Monday, October 17, 2022

All the Lonely People by Mike Gayle

Rating: 3.5 of 5 stars 
Pages: 320 pages
Published: July 2020

All the Lonely People by Mike Gayle is about Hubert Bird, a Jamaican expat living in England. During the latter portion of his life, he finds himself a widow miles apart from his daughter who lives in Australia and just as far apart emotionally from his estranged son. However, Hubert has been lying by putting on false pretenses about his life - painting a picture of an active, senior lifestyle. However, when, by happenstance, he meets his neighbor, a young single mom named Ashleigh, Hubert’s lonely life is turned upside down and he gets a much more exciting life than he ever could have imagined. 

The thing I liked the most about this book is that it so relatable. I can’t think of a single person who hasn’t experienced a sense on loneliness at one point or another in his or her life, so the imagery that Gayle is able to develop through his prose is easily imagined. 

“It was a kiss that didn’t say goodby so much as hello.”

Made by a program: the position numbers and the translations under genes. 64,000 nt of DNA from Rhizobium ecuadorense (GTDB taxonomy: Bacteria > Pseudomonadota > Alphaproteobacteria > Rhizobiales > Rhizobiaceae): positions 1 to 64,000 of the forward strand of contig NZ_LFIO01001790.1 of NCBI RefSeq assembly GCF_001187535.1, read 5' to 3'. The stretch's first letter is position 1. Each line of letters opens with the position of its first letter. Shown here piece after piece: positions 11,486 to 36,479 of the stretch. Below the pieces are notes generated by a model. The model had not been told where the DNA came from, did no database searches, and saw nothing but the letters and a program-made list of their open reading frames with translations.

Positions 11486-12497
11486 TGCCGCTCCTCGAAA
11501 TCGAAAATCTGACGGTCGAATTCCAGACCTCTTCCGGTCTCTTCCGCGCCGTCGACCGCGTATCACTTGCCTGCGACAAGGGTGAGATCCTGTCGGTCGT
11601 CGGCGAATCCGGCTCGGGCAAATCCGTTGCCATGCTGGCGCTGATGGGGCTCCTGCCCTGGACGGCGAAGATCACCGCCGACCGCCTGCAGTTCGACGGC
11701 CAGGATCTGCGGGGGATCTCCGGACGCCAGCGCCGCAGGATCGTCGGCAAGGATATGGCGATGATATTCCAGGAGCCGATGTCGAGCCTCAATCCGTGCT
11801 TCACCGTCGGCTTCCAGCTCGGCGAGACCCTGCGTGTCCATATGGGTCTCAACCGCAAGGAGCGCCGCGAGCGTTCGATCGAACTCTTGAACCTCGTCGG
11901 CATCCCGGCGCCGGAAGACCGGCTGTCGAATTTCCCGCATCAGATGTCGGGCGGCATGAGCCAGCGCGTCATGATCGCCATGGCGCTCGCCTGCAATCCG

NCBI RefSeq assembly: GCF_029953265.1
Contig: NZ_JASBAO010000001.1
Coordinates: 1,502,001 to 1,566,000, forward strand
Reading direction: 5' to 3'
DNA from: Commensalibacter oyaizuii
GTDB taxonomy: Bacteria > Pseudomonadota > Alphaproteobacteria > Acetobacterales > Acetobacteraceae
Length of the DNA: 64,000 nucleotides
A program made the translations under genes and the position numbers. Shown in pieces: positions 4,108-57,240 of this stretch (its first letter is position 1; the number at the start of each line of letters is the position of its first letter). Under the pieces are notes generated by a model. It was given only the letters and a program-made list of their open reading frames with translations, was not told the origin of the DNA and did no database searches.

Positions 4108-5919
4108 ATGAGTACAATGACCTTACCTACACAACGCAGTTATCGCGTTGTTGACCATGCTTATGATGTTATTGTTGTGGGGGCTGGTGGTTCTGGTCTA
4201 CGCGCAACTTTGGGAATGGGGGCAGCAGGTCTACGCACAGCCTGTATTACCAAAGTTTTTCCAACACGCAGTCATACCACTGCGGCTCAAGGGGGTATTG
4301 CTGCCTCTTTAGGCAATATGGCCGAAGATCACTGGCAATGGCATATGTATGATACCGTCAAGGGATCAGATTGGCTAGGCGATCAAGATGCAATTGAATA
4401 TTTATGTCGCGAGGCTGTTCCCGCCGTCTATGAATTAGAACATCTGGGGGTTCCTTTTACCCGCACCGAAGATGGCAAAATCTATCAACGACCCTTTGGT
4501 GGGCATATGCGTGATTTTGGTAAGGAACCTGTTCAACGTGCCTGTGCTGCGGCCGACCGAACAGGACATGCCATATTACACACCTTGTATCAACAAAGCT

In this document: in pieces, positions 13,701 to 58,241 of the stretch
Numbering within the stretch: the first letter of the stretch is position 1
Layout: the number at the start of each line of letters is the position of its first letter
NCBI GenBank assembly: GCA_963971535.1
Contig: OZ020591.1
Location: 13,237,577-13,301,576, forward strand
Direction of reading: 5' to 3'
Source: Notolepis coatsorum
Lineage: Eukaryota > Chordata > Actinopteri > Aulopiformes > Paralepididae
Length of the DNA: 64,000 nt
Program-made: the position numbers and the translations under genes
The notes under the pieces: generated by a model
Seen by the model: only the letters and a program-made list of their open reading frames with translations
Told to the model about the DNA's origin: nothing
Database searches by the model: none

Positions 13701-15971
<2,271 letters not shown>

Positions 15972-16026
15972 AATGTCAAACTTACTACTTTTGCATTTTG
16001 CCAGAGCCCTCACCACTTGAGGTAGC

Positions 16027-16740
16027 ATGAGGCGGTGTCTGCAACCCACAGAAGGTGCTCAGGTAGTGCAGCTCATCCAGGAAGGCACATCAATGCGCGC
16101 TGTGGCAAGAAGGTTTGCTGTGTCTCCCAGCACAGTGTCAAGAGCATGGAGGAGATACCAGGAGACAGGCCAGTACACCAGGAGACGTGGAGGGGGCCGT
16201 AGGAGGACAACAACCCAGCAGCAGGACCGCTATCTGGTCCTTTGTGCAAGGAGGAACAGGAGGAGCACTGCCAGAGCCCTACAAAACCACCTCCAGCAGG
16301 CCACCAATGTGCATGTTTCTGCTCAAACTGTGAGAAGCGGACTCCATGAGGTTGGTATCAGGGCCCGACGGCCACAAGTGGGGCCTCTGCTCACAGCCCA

“Extraordinary things can happen to ordinary people like you and me, but only if we open ourselves up enough to let them.” 
My only critiques about this book are the dialect in which Hubert spoke. I understand the need for the colloquial nature of Hubert’s conversation to make his Jamaican ethnicity seem more authentic. However, it seemed overdone and far-fetched that he would continually speak using “me” rather than “I” after having lived a successful life in England. Additionally, the author shows us that he knows the proper English way to speak, he just doesn’t, which seems lazy and contradictory to someone who worked so hard not only in his professional life but his romantic one with Joyce. Additionally, the reveal about Rose seems to come out of nowhere. I suppose this is a very real possibility, but it really didn’t flow in the book. It seemed like a last-minute Hail Mary to assist the book in closing. And finally, if I had my druthers, I’d rather the story had ended at chapter 49. I don’t really think the “Eighteen Months Later” epilogue was needed to complete the story.

Recommendation: I don’t think this book is about the story so much as it’s about the message it represents. It was published in the middle of the COVID-19 pandemic, at a time where I suspect many people were experiencing some type of loneliness. However, the message is evergreen and can be appreciated at any time. 

Until next time ... Read on!

Regardless of whether I purchase a book, borrow a book, or receive a book in exchange for review, my ultimate goal is to be honest, fair, and constructive. I hope you've found this review helpful.


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